How to Prevent Heart Disease | Loyola Medicine

How to Prevent Heart Disease

Preventive Ways to Reduce Heart Disease Risk

Led by a multidisciplinary team of highly skilled medical professionals, Loyola Medicine is a leader in the diagnosis and treatment of heart disease. One in four adults have some form of cardiovascular disease, which is the leading cause of death in the United States.

While not all heart disease risk factors can be controlled, you can take measures to prevent heart disease by making lifestyle changes. At Loyola, we are proud to work with you to provide the information necessary for you to have a healthy life and reduce your risk of heart disease.

To help prevent coronary artery disease, Loyola helps you understand your risk factors, which may include:

  • Cholesterol High total cholesterol (over 200), high LDL cholesterol (over 100) or low HDL cholesterol (under 40 in men and under 50 in women) means higher risk, especially when combined with other factors such as smoking and high blood pressure.
  • High blood pressure — Top number (systolic BP) above 140 or bottom number (diastolic BP) above 90 is considered high.
  • High blood sugar — The risk is especially high when blood sugar is not well controlled.
  • Overweight — Too much body fat, especially around the waist, increases the heart's workload. It also raises blood pressure and LDL ("bad") cholesterol, while lowering HDL ("good") cholesterol.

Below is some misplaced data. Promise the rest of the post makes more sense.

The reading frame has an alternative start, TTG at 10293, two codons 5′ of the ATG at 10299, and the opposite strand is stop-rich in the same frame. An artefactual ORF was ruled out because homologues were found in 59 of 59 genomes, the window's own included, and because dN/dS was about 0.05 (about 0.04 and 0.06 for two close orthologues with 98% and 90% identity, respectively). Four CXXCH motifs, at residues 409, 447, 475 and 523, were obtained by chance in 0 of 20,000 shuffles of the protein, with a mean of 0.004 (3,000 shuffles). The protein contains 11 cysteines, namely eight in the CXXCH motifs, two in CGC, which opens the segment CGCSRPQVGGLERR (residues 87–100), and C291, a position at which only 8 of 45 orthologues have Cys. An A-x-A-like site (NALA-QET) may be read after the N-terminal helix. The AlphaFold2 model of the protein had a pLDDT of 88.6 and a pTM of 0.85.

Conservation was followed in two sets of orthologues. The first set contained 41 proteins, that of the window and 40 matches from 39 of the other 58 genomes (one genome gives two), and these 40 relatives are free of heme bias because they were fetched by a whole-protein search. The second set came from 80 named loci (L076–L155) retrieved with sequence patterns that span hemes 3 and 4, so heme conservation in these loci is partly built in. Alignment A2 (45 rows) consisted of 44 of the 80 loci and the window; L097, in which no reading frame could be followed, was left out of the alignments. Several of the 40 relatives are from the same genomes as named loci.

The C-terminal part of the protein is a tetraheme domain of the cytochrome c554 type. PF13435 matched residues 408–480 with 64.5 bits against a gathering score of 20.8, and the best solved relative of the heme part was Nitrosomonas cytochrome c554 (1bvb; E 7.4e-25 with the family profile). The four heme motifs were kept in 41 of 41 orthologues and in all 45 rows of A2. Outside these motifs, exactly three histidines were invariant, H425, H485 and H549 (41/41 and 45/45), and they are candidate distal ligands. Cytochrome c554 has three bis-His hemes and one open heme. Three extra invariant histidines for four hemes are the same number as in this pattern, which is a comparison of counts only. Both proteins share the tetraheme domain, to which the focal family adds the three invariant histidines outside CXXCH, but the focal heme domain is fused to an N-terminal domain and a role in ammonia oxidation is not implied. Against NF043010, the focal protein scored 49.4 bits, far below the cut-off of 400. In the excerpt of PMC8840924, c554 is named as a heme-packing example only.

• Smoke exposure — Smokers are two to four times more likely to develop coronary artery disease and twice as likely to suffer sudden cardiac death. Exposure to secondhand smoke also increases your risk.
  • Other factors — Stress can cause you to overeat, smoke too much or activate the “fight or flight” response, all of which can affect the heart. Too much alcohol can raise your blood pressure, cause heart disease and lead to stroke.

To help with weight management, prevent heart disease and reduce your risk factors, Loyola offers the following prevention guidelines:

  • Control blood pressure
  • Control cholesterol
  • Daily exercise
  • Heart-healthy diet, low-fat diet
  • Manage stress
  • Manage weight

If you are concerned about the possibility of heart disease or if you would like information on how to reduce your risk factors, contact your primary care physician or cardiologist to discuss your concerns.  We also invite you to contact the Loyola cardiac risk factor reduction program at 888-LUHS-888 to schedule an appointment with a registered nurse for assistance in making desired lifestyle changes.

Why Choose Loyola for Cardiac Risk Assessment?

Loyola’s multidisciplinary team of doctors collaborates with you and your referring primary care physician to discuss treatment options related to preventive measures, advanced lipid management and acute cardiac conditions needing attention. 

In addition, our experts are able to provide assistance to patients seeking a second opinion. Loyola recognizes that you benefit from a team approach, so our cardiologists work closely with your primary care physician and have access to expert cardiac surgeons, neurologists, endocrinologists and other specialists who are leaders in their field to help devise the best treatment plan for you.